I’m only showing the history, of where unleavened bread comes from in the Roman rite.
Which is fine, but the Latin rite is not the only within Catholicism.
But if if they see an unconsecrated host that they believe to be consecrated. Would it only be a venial sin to worship what they believed to be the body and blood of Jesus?
It would be no sin at all.
Latter-day Saints don’t do real presence, or transubstantiation, or consubstantiation, or anything similar.
We do bless and sanctify the bread and water, thus making it holy. But the purpose of the sacrament to us, is to renew the covenants we made at baptism. We eat/drink in remembrance of the body/blood of Jesus, in order to bear witness, take upon ourselves His name, always remember Him, have His spirit to be with us.
After the ordinance, it’s still just bread and water and empty plastic cups, which we discard.
We also have a wide range of things that can be sanctified for the sacrament. Soldiers in the field can use canteen cups and MRE crackers, etc. Symbolic meaning takes precedence over notions of things really becoming flesh/blood.
It’s approx 98% of Catholicism.
Either the Eucharist is the body and blood of Christ or it isn’t. What any individual believes doesn’t alter the truth of the matter. The Eucharist happens because it was consecrated by a validly ordained priest in apostolic succession. Outside of that, there is no valid ordination, nor valid consecration.
To your point,
“Once someone knows the truth,” is a key point. That’s why we are to pass on the knowledge we have, and not leave people ignorant of important things to know.
Before one knows the truth, then one’s ignorance, providing it is innocent ignorance, might shield them from that sin.
I say might, because
1791 This ignorance can often be imputed to personal responsibility. This is the case when a man “takes little trouble to find out what is true and good, or when conscience is by degrees almost blinded through the habit of committing sin.” In such cases, the person is culpable for the evil he commits.
Therefore, Since we don’t know what a person actually knows, in your question, we have to speak in qualified terms…right?
Don’t you know that YOU are answerable for all of Protestantism?
What does this mean?
It is a continual source of frustration the way that certain posters will go after any given Protestant with whatever silliness in the Protestant world is closest to hand, even if that particular Protestant is not affiliated in any way with the church or denomination doing the silliness.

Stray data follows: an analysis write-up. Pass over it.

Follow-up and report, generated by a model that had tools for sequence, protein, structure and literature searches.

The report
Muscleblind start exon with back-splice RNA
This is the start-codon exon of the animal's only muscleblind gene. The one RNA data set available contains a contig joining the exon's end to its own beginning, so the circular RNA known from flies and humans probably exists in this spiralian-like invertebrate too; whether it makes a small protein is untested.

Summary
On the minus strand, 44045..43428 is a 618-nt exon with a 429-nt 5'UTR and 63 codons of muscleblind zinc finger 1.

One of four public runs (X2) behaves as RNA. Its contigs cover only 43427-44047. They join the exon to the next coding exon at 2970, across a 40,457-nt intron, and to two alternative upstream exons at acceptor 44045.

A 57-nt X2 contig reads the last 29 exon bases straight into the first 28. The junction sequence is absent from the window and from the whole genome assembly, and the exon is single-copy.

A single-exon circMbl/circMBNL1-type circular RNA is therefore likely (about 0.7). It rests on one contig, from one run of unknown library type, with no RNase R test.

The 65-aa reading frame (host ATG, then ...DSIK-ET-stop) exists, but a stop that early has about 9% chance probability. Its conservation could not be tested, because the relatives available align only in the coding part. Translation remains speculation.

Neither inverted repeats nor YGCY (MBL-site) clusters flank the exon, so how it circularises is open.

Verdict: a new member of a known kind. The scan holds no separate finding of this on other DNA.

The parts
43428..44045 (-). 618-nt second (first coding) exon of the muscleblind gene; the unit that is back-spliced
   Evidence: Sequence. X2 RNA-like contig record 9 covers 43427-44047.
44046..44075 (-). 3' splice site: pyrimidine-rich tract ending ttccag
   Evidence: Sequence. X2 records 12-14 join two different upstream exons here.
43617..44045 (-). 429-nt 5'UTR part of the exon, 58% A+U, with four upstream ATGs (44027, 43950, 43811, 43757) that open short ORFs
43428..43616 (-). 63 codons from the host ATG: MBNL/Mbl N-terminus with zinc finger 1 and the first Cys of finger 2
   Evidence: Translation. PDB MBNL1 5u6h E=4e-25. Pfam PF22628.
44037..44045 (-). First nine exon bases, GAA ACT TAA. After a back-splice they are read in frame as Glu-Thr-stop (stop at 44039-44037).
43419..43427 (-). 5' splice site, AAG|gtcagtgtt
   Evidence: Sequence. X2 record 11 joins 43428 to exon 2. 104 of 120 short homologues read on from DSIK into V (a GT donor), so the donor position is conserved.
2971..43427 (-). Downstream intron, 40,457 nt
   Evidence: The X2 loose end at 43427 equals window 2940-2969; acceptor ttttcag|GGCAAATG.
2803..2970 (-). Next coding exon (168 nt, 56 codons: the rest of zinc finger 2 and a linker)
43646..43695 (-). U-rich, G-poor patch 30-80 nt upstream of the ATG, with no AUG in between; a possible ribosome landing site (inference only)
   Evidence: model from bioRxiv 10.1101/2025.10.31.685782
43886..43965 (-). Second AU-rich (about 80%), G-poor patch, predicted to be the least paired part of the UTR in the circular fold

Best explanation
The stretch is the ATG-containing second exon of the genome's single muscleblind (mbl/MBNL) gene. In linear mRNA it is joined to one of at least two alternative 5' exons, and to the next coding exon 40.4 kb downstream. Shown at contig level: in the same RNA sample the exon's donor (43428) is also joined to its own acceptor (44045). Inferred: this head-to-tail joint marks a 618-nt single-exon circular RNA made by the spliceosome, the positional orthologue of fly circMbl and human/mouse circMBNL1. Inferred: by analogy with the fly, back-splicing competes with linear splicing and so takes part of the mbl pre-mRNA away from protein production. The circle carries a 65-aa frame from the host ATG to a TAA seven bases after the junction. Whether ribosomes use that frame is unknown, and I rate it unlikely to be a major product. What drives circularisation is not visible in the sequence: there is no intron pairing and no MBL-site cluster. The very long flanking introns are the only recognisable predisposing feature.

Did you mean to say "don’t you know you are NOT answerable for all of Protestantism? "
Sarcasm is a lost art, it would seem.
Quite the straw man there.
I just came in from being in a cold wind all day…maybe my brain is frozen!
Yes, by the time I was leaving the Lutheran Church, decades ago, they were doing Communion only a couple of times a year. So the remaindered wafers would not be saved, probably.
Pastor did say that the Lutherans considered the wafers and wine (not juice) to be the real presence of the Lord. Therefore, if there was any leftover wine, it was poured out on the ground. The glasses (we used tiny, little glasses) were washed out in a dish pan, which was then washed out and the wash water was dumped out on the ground, as well, and none went “down the drain.” I’m not as clear as to the wafers, but can just about guarantee that they were not thrown out with the garbage. They would have been treated with reverence and then maybe thrown out onto the ground, maybe mixed with the wine first, but definitely not thrown out with the garbage. This was all quite some time ago, of course, and Pastor is no longer around to ask.
Are the other two percent somehow a lesser brand of Catholicism?
It should be.
“Let your yes be yes, and your no be no”.
I honestly don’t see a problem. It’s convenient. Perhaps not the most aesthetically pleasing way to distribute communion elements, but, from my tradition’s theological perspective, there is nothing disrespectful about distributing what is in fact bread and grape juice in plastic containers.
Council of Florence (an ecumenical council) approved the use of either kind of bread in 1439, so the use of leavened or unleavened bread is a question of licitness, not validity. This was infallibly defined.
The council stated, “We have likewise defined that the body of Christ is truly effected in unleavened or leavened wheaten bread and that priests ought to effect the body of our Lord in either one of these, and each one namely according to the custom of his Church, whether that of the West or of the East” ( Decree for the Greeks ).
I showed in a previous post HERE why the Latin/Roman Rite uses unleavened bread.
That’s what we had as well. I liked that everyone had their own and there was no sharing of lip balm. lol